From Blushes Supplement 15
Old Major Charles and his even older brother were an eccentric pair, the last surviving representatives of a grand old family which arrived in England’s green and pleasant land amidst the rape and pillage of the Norman Conquest. The old boys’ conquests of the present century were a little more modest, and their preferred form of combat was an extended game of chess which lasted from late spring to early autumn.
There were rumours in the village, of course, and a touch of bewilderment as well. Major Charles lived in Charlesworth House, the family’s ancient seat, while Captain Bill occupied the grange, just across the road; and neither old gent was willing to invest their family fortune in that miracle of modern science, the telephone. The chess game took place in both old houses, each man relaxing on his patio, taking turns to consider each other’s daily moves. At one move a day, the game could last all summer, and often extended into the autumn when bad light stopped play, but despite the villagers’ curiosity, no-one could discover how the two boys actually communicated.
At 6.00 p.m. after dinner, the game would recommence and on this particular Monday, it was the Major’s turn to make his move. ‘Sally and Annie — you’re on chess duty this evening.’ Two very reluctant young maids hurried along the dark unlit hallways to join the old man and his game. They found him deep in thought, a cloud of herbal-smelling smoke billowing in the summer air from his enormous pipe. Across the garden and the roadway, stood the gaunt edifice of the grange, the setting sun glinting warmly on the windows. His brother would be there, waiting, though with both old boys, their eyesight was beginning to fail with age.
Sally and Annie, in their little mini-uniforms of black and frilly white stood in position on the edge of the paved patio, their backs facing the distant grange. The old man staggered to his feet, his mind made up. He quickly made his move on the board in front of him, then fumbled beneath the table, his fat old fingers finding the trusty cane.
‘Bottoms up, my dearies,’ he muttered. ‘It’s time to communicate with the Major.’ With a sigh, the two girls bent forward, neatly touching their toes, their little dresses rising above their waists to reveal two fair white bottoms.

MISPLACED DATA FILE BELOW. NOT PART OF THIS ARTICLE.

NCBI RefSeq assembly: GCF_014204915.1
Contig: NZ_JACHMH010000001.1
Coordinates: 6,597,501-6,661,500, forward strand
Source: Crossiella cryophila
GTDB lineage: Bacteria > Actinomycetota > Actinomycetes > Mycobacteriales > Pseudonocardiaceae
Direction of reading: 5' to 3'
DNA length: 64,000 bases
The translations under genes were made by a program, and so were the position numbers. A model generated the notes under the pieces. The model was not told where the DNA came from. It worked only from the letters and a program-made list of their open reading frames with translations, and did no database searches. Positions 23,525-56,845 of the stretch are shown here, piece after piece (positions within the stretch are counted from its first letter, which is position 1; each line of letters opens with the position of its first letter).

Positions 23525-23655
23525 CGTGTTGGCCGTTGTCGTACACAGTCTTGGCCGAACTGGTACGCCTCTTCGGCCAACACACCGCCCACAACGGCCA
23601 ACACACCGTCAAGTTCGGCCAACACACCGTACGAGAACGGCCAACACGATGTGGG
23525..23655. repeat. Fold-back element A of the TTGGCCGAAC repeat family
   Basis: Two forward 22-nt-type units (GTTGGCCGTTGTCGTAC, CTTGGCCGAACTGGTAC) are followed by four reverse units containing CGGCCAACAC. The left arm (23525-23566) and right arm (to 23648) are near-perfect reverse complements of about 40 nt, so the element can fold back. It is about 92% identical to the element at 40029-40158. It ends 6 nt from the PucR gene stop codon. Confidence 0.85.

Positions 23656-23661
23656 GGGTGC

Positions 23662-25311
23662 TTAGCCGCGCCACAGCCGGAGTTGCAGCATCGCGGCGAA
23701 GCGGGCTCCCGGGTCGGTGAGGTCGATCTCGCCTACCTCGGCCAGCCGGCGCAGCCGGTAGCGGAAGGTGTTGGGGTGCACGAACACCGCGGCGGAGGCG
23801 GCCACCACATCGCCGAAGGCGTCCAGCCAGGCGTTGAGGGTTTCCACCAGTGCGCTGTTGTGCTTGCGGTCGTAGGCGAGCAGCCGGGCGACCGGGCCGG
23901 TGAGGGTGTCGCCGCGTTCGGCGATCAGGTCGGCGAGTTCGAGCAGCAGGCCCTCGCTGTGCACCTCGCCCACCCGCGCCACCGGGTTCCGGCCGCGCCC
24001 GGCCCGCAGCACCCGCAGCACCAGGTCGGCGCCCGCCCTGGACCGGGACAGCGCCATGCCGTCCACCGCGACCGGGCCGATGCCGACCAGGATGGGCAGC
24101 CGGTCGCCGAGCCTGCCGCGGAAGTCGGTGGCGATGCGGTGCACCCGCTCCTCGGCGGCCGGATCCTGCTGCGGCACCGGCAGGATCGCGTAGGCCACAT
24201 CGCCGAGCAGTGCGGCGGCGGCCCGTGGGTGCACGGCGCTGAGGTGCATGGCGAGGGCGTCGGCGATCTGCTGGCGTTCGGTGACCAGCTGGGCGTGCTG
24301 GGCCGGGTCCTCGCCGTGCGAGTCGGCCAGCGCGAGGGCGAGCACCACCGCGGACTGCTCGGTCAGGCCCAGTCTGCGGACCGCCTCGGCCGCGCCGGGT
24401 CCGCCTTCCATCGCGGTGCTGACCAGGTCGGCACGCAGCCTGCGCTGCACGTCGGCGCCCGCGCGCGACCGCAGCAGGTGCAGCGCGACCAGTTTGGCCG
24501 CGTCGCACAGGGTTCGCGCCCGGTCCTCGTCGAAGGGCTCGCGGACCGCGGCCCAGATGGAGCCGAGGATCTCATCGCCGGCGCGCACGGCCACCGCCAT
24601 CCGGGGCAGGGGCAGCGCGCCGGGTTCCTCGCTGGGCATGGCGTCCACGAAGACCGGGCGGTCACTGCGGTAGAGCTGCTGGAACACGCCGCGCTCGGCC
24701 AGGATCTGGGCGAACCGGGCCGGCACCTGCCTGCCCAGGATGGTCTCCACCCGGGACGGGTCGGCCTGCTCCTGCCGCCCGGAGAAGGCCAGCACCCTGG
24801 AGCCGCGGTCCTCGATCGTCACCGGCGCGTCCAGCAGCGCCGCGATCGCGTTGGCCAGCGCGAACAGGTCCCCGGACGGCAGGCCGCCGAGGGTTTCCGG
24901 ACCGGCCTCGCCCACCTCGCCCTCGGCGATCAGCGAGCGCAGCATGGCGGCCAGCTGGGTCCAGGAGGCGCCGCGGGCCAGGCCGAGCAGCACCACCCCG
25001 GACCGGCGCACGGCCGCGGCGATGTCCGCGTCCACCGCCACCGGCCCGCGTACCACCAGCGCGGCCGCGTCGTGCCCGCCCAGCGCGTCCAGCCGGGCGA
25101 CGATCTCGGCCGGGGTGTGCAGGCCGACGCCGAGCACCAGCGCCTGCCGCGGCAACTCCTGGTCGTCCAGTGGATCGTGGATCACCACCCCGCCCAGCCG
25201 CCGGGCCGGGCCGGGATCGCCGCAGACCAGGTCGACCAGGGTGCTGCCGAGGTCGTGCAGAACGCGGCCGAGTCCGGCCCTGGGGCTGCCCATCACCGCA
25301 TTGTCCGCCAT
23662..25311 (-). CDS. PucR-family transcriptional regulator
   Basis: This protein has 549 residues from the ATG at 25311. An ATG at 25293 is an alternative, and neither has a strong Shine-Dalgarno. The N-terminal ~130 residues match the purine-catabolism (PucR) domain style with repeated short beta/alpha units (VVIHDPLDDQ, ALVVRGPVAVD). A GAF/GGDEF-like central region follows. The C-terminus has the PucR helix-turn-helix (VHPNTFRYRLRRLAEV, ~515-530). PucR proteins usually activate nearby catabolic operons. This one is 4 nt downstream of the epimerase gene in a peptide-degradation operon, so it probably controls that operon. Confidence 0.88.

‘The knight,’ he muttered, ‘On square A3.’ Sally sighed with a little relief, realising that A would mean just one stroke tonight. The Major raised his cane, and swished it down across her pretty rump, prompting a little squeal from the girl. He staggered across to Annie, a few feet away. ‘And three for you.’ Three remarkably firm strokes were planted with surprising accuracy across the other maid’s bare rump. She yelled.
Across the void, the Captain’s butler was waiting for the tell-tale cracks. ‘One, sir. That’s A.’ The Captain nodded. ‘Yes, yes. I know, I know.’ The three further cracks arrived on the still evening air. ‘And three. That’s square A3.’ The Captain consulted his board. ‘Ah! The Knight, the old crook!’
Back at the House, Sally and Annie awaited the remainder of the message, still standing, touching toes, bottoms quivering, a total of four red tramlines across the two pretty bottoms. The Major reminded himself of the intended move. ‘C3.’ The two girls, well-experienced in the game of chess allowed themselves another brief sigh. It could have been worse, much, worse. Three strokes apiece and, across the way, the diligent old butler’s ears were awaiting the sounds.
Sally and Annie scurried back below stairs. Tomorrow, their counterparts at the Grange would be ‘on duty’.
If they had known the old boys’ intentions, of course, their relief would have been short lived. Next season, they planned to drop their boring old chess, and take up Scrabble instead. There are twenty-six letters in the alphabet, of course, and both the Major and the Captain knew many very long words!